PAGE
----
New Town Builders, the company that uses beetle-killed pine for their framing, opened this net-zero energy home with an announcement yesterday. The company is the first in the area to offer a zero-energy package as a regular, additional option. In other words, if a buyer wants it, the buyer can get a home that generates as much energy as it uses over the course of a year for the right price — in this case, $26,900.
Colorado has millions of acres of pines throughout its forests that have been killed by an infestation of beetles. New Town Builders, a residential homebuilder in Denver, Colorado, has begun using salvaged wood from these trees for the structural framing of homes it is constructing. The company was approached about building a single demonstration home using wood from lodgepole pine trees which had been killed by the mountain pine beetle. New Town found that the wood was discolored but structurally sound and has now begun using the “blue wood” for all of their framing.
We’ve followed the growth of Reclaimed Space over the last few years and the Austin-based company has delivered some incredible rusty modern prefabs all over the country. The factory is now finishing up work on a “Glam Tent” for Dunton Hot Springs Resort outside of Durango, Colorado. The build includes a reclaimed bathroom and tent roof from Montana-based Reliable Tent & Tipi.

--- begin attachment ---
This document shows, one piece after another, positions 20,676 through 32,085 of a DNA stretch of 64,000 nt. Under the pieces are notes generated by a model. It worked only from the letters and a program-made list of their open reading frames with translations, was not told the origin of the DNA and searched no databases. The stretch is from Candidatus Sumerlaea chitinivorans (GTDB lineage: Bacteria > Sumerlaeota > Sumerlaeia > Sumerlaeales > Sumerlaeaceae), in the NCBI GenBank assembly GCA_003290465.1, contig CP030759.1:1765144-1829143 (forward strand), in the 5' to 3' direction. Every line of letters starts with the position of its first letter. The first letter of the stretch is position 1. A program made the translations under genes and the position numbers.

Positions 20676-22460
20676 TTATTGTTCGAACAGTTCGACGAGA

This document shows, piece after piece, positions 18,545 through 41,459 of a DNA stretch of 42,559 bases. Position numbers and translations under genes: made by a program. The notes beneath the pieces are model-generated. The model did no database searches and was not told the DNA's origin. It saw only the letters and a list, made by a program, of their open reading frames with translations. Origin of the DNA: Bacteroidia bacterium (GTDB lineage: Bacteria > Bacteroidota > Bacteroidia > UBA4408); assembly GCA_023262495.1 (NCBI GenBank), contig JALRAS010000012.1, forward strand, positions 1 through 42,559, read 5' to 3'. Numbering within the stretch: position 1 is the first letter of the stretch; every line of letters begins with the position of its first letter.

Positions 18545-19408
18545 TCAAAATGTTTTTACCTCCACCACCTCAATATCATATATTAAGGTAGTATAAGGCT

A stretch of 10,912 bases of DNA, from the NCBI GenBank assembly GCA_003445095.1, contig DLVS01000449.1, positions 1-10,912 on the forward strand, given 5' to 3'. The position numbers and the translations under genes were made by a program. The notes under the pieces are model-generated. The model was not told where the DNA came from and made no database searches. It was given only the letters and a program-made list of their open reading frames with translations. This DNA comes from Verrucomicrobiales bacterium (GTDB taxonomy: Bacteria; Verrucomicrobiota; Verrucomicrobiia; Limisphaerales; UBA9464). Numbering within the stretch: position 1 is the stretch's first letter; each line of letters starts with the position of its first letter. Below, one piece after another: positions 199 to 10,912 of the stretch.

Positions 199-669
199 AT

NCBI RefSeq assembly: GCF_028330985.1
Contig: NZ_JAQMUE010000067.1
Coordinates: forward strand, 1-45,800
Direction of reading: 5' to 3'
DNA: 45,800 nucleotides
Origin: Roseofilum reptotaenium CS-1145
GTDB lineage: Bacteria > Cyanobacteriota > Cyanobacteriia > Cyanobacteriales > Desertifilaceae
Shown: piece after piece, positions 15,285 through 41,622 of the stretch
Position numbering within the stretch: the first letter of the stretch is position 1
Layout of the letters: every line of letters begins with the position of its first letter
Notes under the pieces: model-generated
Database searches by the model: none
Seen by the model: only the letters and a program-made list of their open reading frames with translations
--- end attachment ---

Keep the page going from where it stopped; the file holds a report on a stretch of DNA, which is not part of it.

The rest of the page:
This is a project called Sustainable Stuart – the name comes from its location on Stuart Street – by Imagine Infill in Denver, Colorado. It features two, attached, single-family homes, and we have pictures of one of the homes, 3288 Stuart. 3288 Stuart received LEED Gold, EPA Indoor AirPlus, and Energy Star certifications.
Gail Siegel is a full-time jeweler specializing in precious metals. She uses fire in her work and needed some extra space to do. After weighing the various options — renting a space, buying a larger home, building a backyard shed — she decided to install a Studio Shed with solar power from Denver-based SolSource.
There’s some interesting history to this net-zero energy home in Lenado, Colorado. Apparently, a “cranky,” gun-totting squatter named Jack Hogue, or “Lumber Jack,” built a cabin and bathhouse near the top of Woody Creek and took title by adverse possession in the 1990s, after 17 years. Branden Cohen and Deva Shantay of True Nature Healing Arts bought the place from Lumber Jack and improved it, but at 8,650 feet in elevation, it turns out they needed, among other things, a bathroom *in* the home, not out.